Associated Boards & Funds

Mobile Intensive Care Trust Fund

Prior to the opening of Anderson Hospital, monies were bequeathed to the City for emergency medical care, to be used toward the construction of an Edwardsville regional hospital. With Anderson Hospital so close this never took place and a judge approved the monies to be put into a trust fund for advanced medical care. Over the years, this fund was used to begin and maintain the paramedic program in Edwardsville, and has bought specialized medical equipment for the ambulances. Only accrued interest can be used, the principal in the fund must remain intact.

The Mobile Intensive Care Trust Fund (view the committee page) has been used every 3 to 5 years for larger ticket items such as a cardiac defibrillator. The judicial order creating the fund also established the requirements for the trust fund members, who are appointed by the mayor.

Downstate Firefighters Pension Fund

Firefighter pensions are defined and regulated by state statute, but they are funded locally. A five-person board administers the pension fund. As defined by state statute, the board is comprised of two active firefighters elected by the active members; one retired firefighter elected by firefighter retirees; and two members appointed by the mayor. The two currently appointed members are city clerk Dennis McCracken and city treasurer Rich Hampton. The city treasurer is defined by law as the fund treasurer, whether or not he/she is a voting member of the board. Firefighters contribute 9.455% of their base salary toward pension, with the remainder paid by the employer to meet annual actuarial estimates.

Firefighters hired before 2011 can achieve the maximum 75% pension in 30 years; those hired after 2011 can also achieve a maximum of 75% but they need 35 years of service. A minimum pension of 50% can be taken at 20 years of service. Firefighters do not contribute to Social Security and are not eligible for Social Security for their time in the fire service.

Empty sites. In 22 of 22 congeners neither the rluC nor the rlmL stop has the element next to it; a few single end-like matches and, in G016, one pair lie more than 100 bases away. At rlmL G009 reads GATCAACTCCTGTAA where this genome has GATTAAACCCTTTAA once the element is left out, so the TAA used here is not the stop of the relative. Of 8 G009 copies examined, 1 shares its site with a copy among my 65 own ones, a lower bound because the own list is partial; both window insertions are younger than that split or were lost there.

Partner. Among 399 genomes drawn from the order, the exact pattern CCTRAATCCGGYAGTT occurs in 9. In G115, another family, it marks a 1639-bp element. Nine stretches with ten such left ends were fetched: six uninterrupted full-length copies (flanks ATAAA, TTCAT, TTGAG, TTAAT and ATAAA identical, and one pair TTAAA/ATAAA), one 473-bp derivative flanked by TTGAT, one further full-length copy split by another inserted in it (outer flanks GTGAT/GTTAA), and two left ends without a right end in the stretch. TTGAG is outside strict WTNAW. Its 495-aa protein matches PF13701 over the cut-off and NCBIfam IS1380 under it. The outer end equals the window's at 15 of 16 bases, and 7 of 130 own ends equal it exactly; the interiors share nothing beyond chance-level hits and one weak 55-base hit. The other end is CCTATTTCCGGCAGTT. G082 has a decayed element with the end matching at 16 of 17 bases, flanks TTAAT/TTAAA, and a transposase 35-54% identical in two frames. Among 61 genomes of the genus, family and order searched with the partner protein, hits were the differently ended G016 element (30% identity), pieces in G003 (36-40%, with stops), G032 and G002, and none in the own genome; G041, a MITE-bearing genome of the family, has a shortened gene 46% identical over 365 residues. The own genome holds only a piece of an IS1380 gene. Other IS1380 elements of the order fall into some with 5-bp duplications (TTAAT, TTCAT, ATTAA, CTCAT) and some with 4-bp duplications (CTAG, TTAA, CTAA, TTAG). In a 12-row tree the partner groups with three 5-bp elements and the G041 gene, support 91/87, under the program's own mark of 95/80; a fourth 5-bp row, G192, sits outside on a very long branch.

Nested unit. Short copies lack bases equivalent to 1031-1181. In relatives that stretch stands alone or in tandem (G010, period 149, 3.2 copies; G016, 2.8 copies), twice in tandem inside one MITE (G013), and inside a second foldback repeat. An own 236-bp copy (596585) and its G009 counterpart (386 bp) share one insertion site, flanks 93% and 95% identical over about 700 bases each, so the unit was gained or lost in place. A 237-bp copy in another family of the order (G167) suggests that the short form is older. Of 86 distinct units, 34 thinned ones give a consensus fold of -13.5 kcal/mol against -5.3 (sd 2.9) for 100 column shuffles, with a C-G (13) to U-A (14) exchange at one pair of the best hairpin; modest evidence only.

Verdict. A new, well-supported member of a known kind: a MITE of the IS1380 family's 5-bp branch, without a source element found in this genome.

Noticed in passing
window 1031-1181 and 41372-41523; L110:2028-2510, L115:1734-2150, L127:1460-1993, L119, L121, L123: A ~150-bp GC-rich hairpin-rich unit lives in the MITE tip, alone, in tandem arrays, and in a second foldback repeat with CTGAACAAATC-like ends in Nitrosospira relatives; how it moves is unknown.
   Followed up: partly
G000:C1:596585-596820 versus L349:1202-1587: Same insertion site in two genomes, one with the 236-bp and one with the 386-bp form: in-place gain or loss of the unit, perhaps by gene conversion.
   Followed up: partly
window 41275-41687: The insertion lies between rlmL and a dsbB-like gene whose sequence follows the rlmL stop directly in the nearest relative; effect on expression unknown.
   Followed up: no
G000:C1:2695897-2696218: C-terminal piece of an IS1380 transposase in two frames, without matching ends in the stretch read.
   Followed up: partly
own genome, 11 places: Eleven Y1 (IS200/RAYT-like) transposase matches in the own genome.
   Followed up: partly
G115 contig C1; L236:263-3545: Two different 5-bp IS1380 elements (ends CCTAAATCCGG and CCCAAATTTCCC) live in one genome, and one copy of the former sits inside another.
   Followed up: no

Emergency Services Disaster Agency (ESDA) / Emergency Management Agency (EMA)

The fire chief serves as the ESDA / EMA coordinator for the City. This is the local extension of FEMA, and is the coordinating agency in the event of a major disaster. A separate ESDA / EMA tax maintains the outdoor warning sirens in the City.

Fort Russell Fire Protection District (FRFPD)

Residents outside of the City of Edwardsville in Fort Russell Township pay for fire / EMS services through property taxes to the FRFPD. The district then purchases fire services from the City of Edwardsville for the southern half of the township and Holiday Shores Fire Protection District for the northern half of the township. EFD responds along Edwardsville Road to Wanda Road, up Route 159 to include the Fox Creek subdivision, and along Route 157 to Old Carpenter Road. As a side note, those residing in Edwardsville Township but outside Edwardsville city limits are not in a fire protection district. These residents are charged a flat fee, established by city ordinance at $1600, when a fire response is needed.

International Association of Firefighters Local 1700

The local union represents all career firefighters below the rank of deputy chief. A 4-year collective bargaining agreement was reached with the local in April 2017.

International Association of Arson Investigators

The IAAI provides active support to fire, arson, and explosion investigation professionals through leadership in education, training, professional development, certification, networking, advocacy, and the provision of resources.

Mutual Aid Box Alarm System (MABAS)

This mutual aid system was born out of the Chicago area and has grown across the State of Illinois, and into Wisconsin, Iowa, Missouri, Ohio, and Indiana. It has become one of the premier models for mutual aid across the country. By designating ahead of time which departments / equipment will be called (depending on the type of emergency), we are quickly able to get necessary resources to major events without stripping all of the resources out of neighboring communities.

Response to a “box alarm” is voluntary, but every department does its best to provide equipment and manpower when called. Every fire department in Madison County has signed on to MABAS, and it has proven to be the most cost-effective way to ensure adequate responses area-wide.